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Prepare for medical emergencies at your nonprofit

One of your employees is using a lift to move boxes around your warehouse, and they seriously injure themself when the lift malfunctions. Someone is participating in one of your programs, and they suddenly go into cardiac arrest. A volunteer who is working in your kitchen spills boiling water all over their legs.

Each of these situations is a medical emergency and requires a certain level of preparedness. Of course, you can’t be prepared for every single accident or health problem that might occur, but you can take steps to make sure you don’t waste any time when responding. Here are five ways you can prepare for medical emergencies at your facility:

  1. Create an emergency response team. Even the smallest nonprofit should establish a chain of command and specific people who will handle a medical emergency. Emergency response team members should have knowledge about bloodborne pathogens, hazardous materials and chemical spill protocols. They should also know how to use fire extinguishers and medical devices such as an automated external defibrillator (AED), and the contents of your organization’s first aid kit. Your first step in a medical emergency is to call 911, but your emergency response team will be able to help the victim during those precious minutes when you’re waiting for the ambulance.
  2. Acquire an AED. If someone at your facility goes into cardiac arrest (the abrupt loss of heart function, breathing and consciousness), an AED can help restore a normal rhythm to their heart. It is easy for a layperson to use, and it can save someone’s life. If you purchase an AED, make sure the members of your emergency response team know where it is and how to use it.
  3. Keep a fully stocked first aid kit. Your first aid kit should be easily accessible and including the following items:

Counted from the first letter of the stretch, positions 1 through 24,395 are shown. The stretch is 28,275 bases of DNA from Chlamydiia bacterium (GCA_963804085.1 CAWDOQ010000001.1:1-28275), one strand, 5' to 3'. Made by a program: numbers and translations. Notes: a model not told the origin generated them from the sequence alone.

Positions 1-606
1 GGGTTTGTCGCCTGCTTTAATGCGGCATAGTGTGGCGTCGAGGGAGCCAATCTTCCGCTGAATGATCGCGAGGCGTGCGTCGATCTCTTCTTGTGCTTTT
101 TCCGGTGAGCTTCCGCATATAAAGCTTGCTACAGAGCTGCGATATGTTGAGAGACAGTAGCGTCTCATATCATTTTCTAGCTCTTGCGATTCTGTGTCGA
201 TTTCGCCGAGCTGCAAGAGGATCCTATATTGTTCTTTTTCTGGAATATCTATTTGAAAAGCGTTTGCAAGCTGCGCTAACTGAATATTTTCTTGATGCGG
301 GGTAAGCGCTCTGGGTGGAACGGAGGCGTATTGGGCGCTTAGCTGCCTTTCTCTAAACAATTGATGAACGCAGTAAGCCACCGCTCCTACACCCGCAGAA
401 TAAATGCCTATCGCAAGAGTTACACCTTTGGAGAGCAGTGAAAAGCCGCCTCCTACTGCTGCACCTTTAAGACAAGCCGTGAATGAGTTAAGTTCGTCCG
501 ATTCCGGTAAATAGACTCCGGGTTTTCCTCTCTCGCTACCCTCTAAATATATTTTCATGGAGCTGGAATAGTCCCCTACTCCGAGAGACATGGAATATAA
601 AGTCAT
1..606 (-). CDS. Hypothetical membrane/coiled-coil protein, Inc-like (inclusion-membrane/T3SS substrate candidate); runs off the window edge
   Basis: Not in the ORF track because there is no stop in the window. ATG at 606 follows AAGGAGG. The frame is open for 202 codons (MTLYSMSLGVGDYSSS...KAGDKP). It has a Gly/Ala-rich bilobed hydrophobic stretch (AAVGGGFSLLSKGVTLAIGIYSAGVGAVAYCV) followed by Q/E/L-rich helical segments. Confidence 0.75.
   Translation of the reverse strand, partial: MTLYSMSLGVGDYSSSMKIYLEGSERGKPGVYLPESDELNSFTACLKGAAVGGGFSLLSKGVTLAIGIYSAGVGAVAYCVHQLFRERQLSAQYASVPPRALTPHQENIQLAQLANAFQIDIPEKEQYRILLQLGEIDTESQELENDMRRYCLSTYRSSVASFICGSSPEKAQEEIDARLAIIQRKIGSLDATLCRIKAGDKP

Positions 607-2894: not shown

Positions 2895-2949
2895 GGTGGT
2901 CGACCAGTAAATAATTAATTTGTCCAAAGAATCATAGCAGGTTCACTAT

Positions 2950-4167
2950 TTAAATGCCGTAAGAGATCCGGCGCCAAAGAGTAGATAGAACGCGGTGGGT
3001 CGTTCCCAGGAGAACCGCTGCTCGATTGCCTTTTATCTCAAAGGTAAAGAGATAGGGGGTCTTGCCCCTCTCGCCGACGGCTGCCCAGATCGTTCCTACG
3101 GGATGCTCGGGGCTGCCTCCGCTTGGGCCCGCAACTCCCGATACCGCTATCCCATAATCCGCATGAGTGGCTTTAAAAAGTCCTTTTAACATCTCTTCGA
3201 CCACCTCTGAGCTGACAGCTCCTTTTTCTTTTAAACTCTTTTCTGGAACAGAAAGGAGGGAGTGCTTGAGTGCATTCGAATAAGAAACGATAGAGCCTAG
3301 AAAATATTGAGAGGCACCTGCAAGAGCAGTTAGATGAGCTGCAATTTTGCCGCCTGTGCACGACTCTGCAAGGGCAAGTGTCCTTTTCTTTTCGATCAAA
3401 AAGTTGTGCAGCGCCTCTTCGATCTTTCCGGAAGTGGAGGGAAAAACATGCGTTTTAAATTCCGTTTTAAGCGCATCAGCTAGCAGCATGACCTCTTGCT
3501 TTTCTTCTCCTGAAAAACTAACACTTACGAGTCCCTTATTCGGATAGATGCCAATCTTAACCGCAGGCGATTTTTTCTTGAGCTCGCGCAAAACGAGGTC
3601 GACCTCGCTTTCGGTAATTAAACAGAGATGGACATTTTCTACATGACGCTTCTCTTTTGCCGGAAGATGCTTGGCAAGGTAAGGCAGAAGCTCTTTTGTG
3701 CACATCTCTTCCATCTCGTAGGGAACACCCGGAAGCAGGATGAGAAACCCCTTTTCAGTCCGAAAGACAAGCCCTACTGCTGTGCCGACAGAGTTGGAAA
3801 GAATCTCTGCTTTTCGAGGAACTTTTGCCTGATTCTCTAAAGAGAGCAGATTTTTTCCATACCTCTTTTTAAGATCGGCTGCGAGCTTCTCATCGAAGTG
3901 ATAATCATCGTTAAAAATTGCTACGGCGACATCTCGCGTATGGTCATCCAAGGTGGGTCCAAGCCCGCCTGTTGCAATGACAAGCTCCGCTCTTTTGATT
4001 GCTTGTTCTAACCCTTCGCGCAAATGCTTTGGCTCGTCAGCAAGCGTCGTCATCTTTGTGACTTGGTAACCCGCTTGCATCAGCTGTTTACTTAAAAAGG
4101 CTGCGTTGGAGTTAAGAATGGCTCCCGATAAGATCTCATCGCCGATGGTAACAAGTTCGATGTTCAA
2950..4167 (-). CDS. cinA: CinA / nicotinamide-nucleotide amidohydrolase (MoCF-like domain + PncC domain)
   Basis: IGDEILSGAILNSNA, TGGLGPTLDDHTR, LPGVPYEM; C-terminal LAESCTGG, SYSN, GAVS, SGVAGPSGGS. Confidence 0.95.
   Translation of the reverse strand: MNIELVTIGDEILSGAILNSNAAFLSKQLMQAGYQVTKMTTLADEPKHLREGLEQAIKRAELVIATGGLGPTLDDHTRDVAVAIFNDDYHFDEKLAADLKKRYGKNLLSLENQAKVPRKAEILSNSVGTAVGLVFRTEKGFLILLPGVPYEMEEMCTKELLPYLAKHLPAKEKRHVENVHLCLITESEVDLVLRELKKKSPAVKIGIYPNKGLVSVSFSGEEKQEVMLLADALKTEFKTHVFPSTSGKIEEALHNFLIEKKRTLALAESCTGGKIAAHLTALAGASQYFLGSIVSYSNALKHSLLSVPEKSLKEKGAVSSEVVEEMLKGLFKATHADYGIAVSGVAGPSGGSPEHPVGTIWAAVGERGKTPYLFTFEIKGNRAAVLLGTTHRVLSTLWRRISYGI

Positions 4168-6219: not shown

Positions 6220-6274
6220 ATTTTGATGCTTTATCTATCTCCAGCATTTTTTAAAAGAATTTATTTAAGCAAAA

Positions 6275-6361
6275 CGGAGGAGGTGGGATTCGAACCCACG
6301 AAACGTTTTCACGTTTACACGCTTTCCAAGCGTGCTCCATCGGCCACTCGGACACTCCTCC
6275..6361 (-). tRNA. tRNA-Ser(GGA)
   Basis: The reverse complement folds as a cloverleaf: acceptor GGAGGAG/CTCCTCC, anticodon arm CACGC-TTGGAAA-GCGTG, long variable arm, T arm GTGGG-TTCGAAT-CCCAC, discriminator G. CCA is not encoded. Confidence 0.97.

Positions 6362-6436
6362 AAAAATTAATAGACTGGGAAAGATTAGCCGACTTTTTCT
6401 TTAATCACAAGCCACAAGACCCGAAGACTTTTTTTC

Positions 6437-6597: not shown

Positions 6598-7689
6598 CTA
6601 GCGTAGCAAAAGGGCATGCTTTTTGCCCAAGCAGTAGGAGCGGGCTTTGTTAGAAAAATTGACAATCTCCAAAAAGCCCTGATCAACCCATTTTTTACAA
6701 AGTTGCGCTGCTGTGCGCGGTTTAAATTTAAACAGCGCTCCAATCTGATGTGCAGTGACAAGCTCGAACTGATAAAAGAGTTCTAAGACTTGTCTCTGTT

• A first-aid manual.
    • Different sized sterile gauze pads.
    • Adhesive tape.
    • Band-Aids in several sizes.
    • Elastic bandage (like an Ace wrap).
    • Antiseptic wipes.
    • Antibiotic ointment.
    • Antiseptic solution (like hydrogen peroxide).
    • Acetaminophen and ibuprofen.
    • Tweezers.
    • Scissors.
    • Disposable instant cold packs.
    • Alcohol wipes.
    • Plastic non-latex gloves.
    • Flashlight with extra batteries.
    • A blanket.
    • Mouthpiece for administering CPR (can be purchased at the drugstore).
    • Calamine lotion.
    • A splint.
    • Thermometer.
  1. Invest in training. It is important that several people at your organization are trained in using first aid, an AED and cardiopulmonary resuscitation (CPR). Consider offering an annual certification class for staff, volunteers and others who are involved in your nonprofit.
  2. Collect allergy information from those who are regularly at your facility. Whether someone is a staff member, volunteer or participant in one of your programs, you should be prepared to respond to allergic reactions and other urgent medical conditions, such as epilepsy. Establish a program that allows those who will be at your facility to confidentially share information on medical conditions and make sure that such sensitive personal information is securely stored and protected.

If you take these five steps, you will be better prepared for many different types of medical emergencies at your facility.

For more safety information for nonprofits, visit our safety resources page.